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This month, we carry a series of related papers exploring the sexual health of Eastern European migrants to the UK.1 As the accompanying editorial points out,2 Burns and her team overcame substantial methodological challenges in surveying this diverse group, and are to be congratulated on a comprehensive overview of sexual health and behaviour in a migrant community. They demonstrate particular vulnerability of MSM (men who have sex with men), which has important implications for health promotion and service provision—though reported rates of HIV prevalence are lower than the UK population, high risk behaviour is common and there is much potential for cross-border interaction between differing epidemics.
The challenges of surveying hidden populations are also addressed by Paz-Bailey et al.3 They present a capture-recapture based approach to measure the size of the MSM and FSW (female sex worker) populations in El Salvador. This approach is increasingly adopted in sexual health research, and has wider potential, which is explored along with design issues by Berchenko and Frost in an accompanying editorial.4
Clinicians are likely to be interested in a case series and literature review on the use of imiquimod for acyclovir-resistant herpes simplex. The spectre of untreatable gonococcal disease has reminded us that antimicrobials may not be forever, and that immune stimulation may be increasingly important in the future.
We also publish a systematic review of what works in promoting HIV testing among MSM.5 Opt out testing, where tests are bundled with other tests, and point of care testing can increase uptake, but there is still uncertainty about the effectiveness of community level strategies.
We continue to receive books for review, and this month you might be tempted to order ‘Chinese Male Homosexualities’, reviewed by William Wong,6 or ‘Gender, Sexuality and Syphilis in Early Modern Venice: the Disease that Came to Stay’, introduced by Michael Waugh.7 Venereology lends itself to the comparative disciplines of history and anthropology, humankind being ever the same in new ways. As HIV becomes the disease that came to stay before our eyes, we can learn from other societies wherever we are.
In a thought-provoking letter, Bates and Olarinde8 wonder whether young HIV positive women will become casualties of the age of evidence-based medicine. In England, cervical screening now commences at age 25, taking into account the adverse effects of unnecessary treatment, and low risk of carcinoma in young women. It seems that most HIV centres operate this policy for their populations HIV positive young women, who are too small a group to have figured prominently in policy making in the UK. As are other immunosuppressed young women. What do other clinicians think? We look forward to your rapid responses on the website.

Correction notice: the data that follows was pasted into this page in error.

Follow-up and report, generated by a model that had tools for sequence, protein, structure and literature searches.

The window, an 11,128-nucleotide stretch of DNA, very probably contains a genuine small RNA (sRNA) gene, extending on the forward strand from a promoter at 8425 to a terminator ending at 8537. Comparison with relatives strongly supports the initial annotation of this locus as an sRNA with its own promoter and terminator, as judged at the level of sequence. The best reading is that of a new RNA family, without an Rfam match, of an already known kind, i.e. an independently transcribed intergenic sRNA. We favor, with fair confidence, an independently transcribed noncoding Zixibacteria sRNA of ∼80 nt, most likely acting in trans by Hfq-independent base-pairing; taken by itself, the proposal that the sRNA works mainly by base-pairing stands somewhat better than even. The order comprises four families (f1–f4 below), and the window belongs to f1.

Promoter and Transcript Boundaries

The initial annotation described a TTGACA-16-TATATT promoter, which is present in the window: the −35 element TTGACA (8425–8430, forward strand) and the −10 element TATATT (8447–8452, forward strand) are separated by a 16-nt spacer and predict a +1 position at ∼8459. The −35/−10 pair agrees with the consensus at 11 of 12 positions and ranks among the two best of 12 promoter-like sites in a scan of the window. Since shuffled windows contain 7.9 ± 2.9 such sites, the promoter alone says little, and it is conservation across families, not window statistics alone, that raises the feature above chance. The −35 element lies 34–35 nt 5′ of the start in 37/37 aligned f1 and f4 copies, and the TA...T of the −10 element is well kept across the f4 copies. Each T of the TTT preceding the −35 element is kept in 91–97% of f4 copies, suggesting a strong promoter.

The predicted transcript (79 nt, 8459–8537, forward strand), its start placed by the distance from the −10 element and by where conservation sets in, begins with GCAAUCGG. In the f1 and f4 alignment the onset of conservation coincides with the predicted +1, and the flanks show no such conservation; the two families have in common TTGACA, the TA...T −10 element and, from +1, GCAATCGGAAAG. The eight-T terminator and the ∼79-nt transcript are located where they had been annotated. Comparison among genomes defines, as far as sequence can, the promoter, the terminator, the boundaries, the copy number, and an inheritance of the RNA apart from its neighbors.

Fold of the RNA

The importance of primary providers in health promotion of MSM is emphasised in asurvey of American men's knowledge of post-exposure prophylaxis.9 Mehta et al conclude that the primary provider's awareness of same sex behaviours is a potentially important vehicle of education and health promotion—less than half of the respondents reported a primary provider aware of this key determinant of their health status.
It is heartening to hear some good news in the HIV epidemic. Bello et al10 report modelling data showing that reduction by men in multiple partnerships appears to have driven a reduction in HIV incidence, in Malawi. The public health impact was substantial, with an estimated 140 000 infections averted in this hyper-endemic setting.
Other interesting papers this month include two cost-effectiveness studies, one exploring the impact of HIV prevention targeted at FSW in India,11 and another pondering the conditions under which chlamydia screening is likely to be cost-effective.12
Finally, clinicians will want to look at ‘How to run a prison sexually transmitted infection service’.13 We are now publishing a series of clinician-focussed ‘How to’ articles, commissioned by Sarah Edwards, our Education Editor—with CPD questions on the website. Please let Sarah know if you have suggestions for topics or authors of broad interest to the clinical community.
Please also go to the website and explore our growing library of podcasts and blogs. They may be just the thing for a gap between patients…
Provenance and peer review Not commissioned; internally peer reviewed.
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